Monday, July 24, 2006

Poem of the Week 7/24/2006: from Dying: An Introduction

from Dying: An Introduction

Outside, although November by the clock,
Has a thick smell of spring,
And everything--
The low clouds lit
Fluorescent green by city lights;
The molten, hissing stream
Of white car lights, cooling
To red and vanishing;
The leaves,
Still running from last summer, chattering
Across the pocked concrete;
The wind in trees;
The ones and twos,
The twos and threes
Of college girls,
Each shining in the dark,
Each carrying
A book or books,
Each laughing to her friend
At such a night in fall;
The two-and-twos
Of boys and girls who lean
Together in an A and softly walk
Slowly from lamp to lamp,
Alternatively lit
And nighted; Autumn Street,
Astonishingly named, a rivulet
Of asphalt twisting up and back
To some spring out of sight--and everything
Recalls one fall
Twenty-one years ago, when I,
A freshman, opening
A green door just across the river,
Found the source
Of spring in that warm night,
Surprised the force
That sent me on my way
And set me down
Today. Tonight. Through my
Invisible new veil
Of finity, I see
November's world--
Low scud, slick street, three giggling girls--
As, oddly, not as sombre
As December,
But as green
As anything:
As spring.

L. E. Sissman 1968

Pay attention to the way this poem builds: Sissman begins with lonely images in short, elegant lines, but starts to stack them as the years stack on one another. They are the images of memory and of the present, of the nostalgic and loving present into which the narrator descends. These images are like stair-steps into 21 years ago, when something clicked into gear and life began purring along. The poem works as a set of real images, but on a different level, they can be seen as memories as well. Layering the meaning of different elementsis typical of the poem, which is an allegory for the end (the autumn) of the narrator's life. Four earlier sections establish that the narrator is dying of cancer. He is, and yet the end feels as fresh and new as spring. It's not so bad, the dying. And knowing that he will die, he pays closer attention to the details around him, to the interconnectedness of his life. And there is something beautiful in the symmetry and slowness of this poem.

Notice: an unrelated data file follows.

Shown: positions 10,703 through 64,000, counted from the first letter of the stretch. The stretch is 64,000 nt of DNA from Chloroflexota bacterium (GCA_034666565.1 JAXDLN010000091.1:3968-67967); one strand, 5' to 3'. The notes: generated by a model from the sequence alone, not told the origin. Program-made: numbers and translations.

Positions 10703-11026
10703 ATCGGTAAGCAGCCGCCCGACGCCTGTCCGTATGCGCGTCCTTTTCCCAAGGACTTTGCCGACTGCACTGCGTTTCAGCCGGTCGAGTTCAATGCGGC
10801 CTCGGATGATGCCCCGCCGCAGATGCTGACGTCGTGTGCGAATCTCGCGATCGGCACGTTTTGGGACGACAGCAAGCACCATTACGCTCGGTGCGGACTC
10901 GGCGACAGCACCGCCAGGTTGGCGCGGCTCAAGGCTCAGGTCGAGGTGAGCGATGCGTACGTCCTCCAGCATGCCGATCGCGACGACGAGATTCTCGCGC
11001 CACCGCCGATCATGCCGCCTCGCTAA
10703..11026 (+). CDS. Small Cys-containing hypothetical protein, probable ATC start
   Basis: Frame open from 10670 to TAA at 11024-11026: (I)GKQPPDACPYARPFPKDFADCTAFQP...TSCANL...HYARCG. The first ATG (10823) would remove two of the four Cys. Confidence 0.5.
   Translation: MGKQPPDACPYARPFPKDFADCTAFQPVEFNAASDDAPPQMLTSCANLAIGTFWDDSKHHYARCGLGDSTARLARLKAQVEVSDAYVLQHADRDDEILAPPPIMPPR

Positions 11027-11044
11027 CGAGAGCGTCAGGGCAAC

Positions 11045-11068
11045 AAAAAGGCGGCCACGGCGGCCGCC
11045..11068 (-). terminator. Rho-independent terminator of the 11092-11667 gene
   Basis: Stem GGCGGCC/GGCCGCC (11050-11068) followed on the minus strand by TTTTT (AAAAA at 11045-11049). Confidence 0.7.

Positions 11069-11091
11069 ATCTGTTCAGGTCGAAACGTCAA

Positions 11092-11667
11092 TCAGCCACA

Ironic that he only slows down at the end of his life, is it not? This section is the slowest of the five in the original poem, and it represents a coming to terms with death, a realization of the beauty of the things that have slowly walked through his life like girls under street lamps. In the first half of the poem, the theme of death manifests itself in the various vanishings throughout the poem, whether the girls flickering under the streetlamps, the car lights dissolving away, or the leaves fallen from the trees. Even the concrete is old, pocked, worn.

These images provide gorgeous metaphors for the way people drift through our lives. "The ones and twos, / The twos and threes / Of college girls, / Each shining in the dark, " perhaps represent the numinous glow of now-gone loves. Nostalgia for love is like that, I think - sweet and warming and glowing in the dark, lighting us up for brief moments and then receding again, on its way once more.

This same richness, luminosity, and attention to detail appears in the treatment of car lights and night sky. Simultaneously unnatural and comforting, the green sky adds a dreamlike quality to the night. It is unusual, yet the color recalls pastures and country comfort. The doubled, paradoxical meaning behind this image is again characteristic of the poem; it reinforces that there is good in bad, that there is spring in november, that there is comfort in the unnatural. There is also beauty in leaving, as the car's receding headlights show. They flicker into being, shift, and fade out as quickly as they came. This is still beautiful, and it pulses in memory as surely as it did in life.

The second half of the poem moves into explicit memory, though it is as vague and fleeting as the rest.

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